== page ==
"Since the beginning of the WKCD project, the Government has never negotiated or bargained with the proponents. Nor has the Government reached any private deals or made any promises with individual proponents. We have provided the same information to the three proponents simultaneously. The process is absolutely fair and there are no 'secret dealing' at all," Mr Suen stressed.

On the three screened-in proponents' responses made last month to the development parameters and conditions proposed by the Government, Mr Suen said, "Just as we explained to the public earlier, the screened-in proponents have raised some specific questions about the proposed development parameters and conditions, including arrangements for the carving out of commercial and residential portions, use of the sale proceeds from the carved-out portions, contributions towards the $30 billion fund, the role of successful proponents in the operation of the WKCD, etc."

"We need some time to study the questions raised by the proponents and to consult relevant departments and the Executive Council, before deciding the next step to meet public aspirations and safeguard public interests."

The Government, Mr Suen said, had not set a timetable for the selection of the successful proponent at present. It would report the latest development for the WKCD to Legco after carefully considering the proponents' responses and seeking advice from the Executive Council.

"The Government has all along been listening to the community and keeping the public abreast of the progress in developing the WKCD. In essence, public views are the cornerstone in shaping the WKCD," he said.

On the cultural front, Mr Suen reasserted that there is a cultural policy in Hong Kong, adding that Hong Kong is a free society and that the Government has maintained the principle of respecting creative work and the freedom of expression both before and after the handover of the territory.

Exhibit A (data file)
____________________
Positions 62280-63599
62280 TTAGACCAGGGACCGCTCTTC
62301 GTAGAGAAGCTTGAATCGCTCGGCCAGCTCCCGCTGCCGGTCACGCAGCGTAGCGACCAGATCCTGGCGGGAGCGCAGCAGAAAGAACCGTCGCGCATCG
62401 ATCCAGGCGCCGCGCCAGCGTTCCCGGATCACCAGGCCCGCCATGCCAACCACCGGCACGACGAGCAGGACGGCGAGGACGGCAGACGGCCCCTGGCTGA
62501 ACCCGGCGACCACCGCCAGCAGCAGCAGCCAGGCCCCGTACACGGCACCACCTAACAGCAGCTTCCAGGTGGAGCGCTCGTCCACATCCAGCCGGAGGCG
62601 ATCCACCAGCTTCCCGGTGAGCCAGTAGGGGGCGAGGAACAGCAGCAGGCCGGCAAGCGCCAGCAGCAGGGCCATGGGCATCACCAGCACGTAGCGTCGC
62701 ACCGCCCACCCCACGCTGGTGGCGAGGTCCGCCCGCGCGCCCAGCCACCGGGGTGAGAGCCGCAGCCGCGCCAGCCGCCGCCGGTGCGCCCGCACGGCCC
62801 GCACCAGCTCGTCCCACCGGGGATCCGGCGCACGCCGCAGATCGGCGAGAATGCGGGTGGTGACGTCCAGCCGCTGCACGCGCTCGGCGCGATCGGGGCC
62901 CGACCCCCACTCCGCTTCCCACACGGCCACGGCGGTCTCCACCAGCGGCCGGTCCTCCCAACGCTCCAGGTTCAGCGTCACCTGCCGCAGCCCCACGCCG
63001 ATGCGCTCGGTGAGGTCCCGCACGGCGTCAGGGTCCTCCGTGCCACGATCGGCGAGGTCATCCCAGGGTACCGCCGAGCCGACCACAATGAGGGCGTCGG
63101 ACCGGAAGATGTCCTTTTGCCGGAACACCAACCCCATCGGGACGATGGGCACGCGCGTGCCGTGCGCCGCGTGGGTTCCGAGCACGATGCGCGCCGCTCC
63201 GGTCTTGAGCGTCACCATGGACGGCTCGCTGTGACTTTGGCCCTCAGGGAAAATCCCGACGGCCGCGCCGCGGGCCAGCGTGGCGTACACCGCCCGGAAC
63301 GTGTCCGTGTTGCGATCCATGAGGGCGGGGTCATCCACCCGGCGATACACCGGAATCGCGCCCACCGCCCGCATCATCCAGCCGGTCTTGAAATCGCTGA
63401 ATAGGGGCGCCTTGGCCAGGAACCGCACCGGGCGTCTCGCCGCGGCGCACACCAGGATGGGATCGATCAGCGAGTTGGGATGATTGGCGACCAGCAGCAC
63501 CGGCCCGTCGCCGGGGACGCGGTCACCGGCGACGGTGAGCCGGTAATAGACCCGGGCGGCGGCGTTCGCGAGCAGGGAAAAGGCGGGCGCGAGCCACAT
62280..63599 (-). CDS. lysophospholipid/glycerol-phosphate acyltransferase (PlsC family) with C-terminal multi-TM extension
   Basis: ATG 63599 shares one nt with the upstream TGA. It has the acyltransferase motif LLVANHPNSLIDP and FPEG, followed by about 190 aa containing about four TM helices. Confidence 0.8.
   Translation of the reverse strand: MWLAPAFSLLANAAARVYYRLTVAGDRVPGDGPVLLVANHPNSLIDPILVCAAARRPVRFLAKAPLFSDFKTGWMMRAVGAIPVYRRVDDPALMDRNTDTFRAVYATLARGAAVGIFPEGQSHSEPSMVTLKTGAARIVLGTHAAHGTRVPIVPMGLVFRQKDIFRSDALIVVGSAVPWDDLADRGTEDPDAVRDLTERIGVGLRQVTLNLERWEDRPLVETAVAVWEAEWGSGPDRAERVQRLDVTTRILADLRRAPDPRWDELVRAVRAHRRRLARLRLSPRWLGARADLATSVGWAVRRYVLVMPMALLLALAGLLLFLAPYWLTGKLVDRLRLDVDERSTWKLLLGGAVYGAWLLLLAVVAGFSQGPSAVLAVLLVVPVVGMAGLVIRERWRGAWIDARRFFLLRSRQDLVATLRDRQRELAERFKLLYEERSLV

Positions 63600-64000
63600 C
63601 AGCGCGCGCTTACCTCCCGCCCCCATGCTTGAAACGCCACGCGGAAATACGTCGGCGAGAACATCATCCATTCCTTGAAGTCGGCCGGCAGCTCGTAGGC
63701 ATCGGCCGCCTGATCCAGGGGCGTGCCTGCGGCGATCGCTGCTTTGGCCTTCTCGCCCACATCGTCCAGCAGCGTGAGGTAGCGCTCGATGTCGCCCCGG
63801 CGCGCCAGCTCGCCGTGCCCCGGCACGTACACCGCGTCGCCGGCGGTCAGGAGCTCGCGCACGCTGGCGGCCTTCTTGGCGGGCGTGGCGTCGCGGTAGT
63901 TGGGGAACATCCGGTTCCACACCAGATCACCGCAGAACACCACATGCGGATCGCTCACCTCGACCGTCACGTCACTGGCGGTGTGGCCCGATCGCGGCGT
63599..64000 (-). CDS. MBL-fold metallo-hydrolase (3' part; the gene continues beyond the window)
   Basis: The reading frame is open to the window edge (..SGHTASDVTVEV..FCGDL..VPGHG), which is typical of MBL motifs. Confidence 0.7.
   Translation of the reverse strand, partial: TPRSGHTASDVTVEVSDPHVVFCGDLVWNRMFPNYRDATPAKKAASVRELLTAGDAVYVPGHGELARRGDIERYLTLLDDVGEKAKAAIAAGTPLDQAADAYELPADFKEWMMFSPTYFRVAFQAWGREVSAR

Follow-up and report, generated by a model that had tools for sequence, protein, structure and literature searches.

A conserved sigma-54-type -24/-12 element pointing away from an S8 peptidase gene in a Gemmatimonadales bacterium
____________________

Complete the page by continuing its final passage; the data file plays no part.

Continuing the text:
Just as the Culture and Heritage Commission indicated in its Policy Recommendation Report, Mr Suen noted that the WKCD project presented an unprecedented opportunity and was an important part in the arts and cultural development in Hong Kong. Various sectors in Hong Kong, particularly the arts and cultural sector, had great aspirations for the WKCD. Mr Suen hoped that all Legco members would recognise and understand the Government's cultural perspective, and adopt a more pragmatic attitude towards the WKCD project.

"Gaining community support and securing market acceptance are necessary pre-requisites for the successful implementation of the WKCD project. We hope to follow through the current development framework for the WKCD and, through establishing a partnership with the private sector, to shape a world-class integrated arts and cultural district that meets public aspirations."

"We will also keep on listening to views of various sectors, in particular the arts and cultural sector and relevant professional groups. At the same time, we will continue to report the progress of the project to Legco, and to consult Legco members on the preferred proposal before signing any agreements. No doubt the Government would certainly take public interests as the basis in making a decision on the way forward for the WKCD. I hope all Legco members, together with the Government and the general public, would continue to contribute towards the development of the WKCD," Mr Suen said.

Ends/Wednesday, February 8, 2006
Issued at HKT 21:13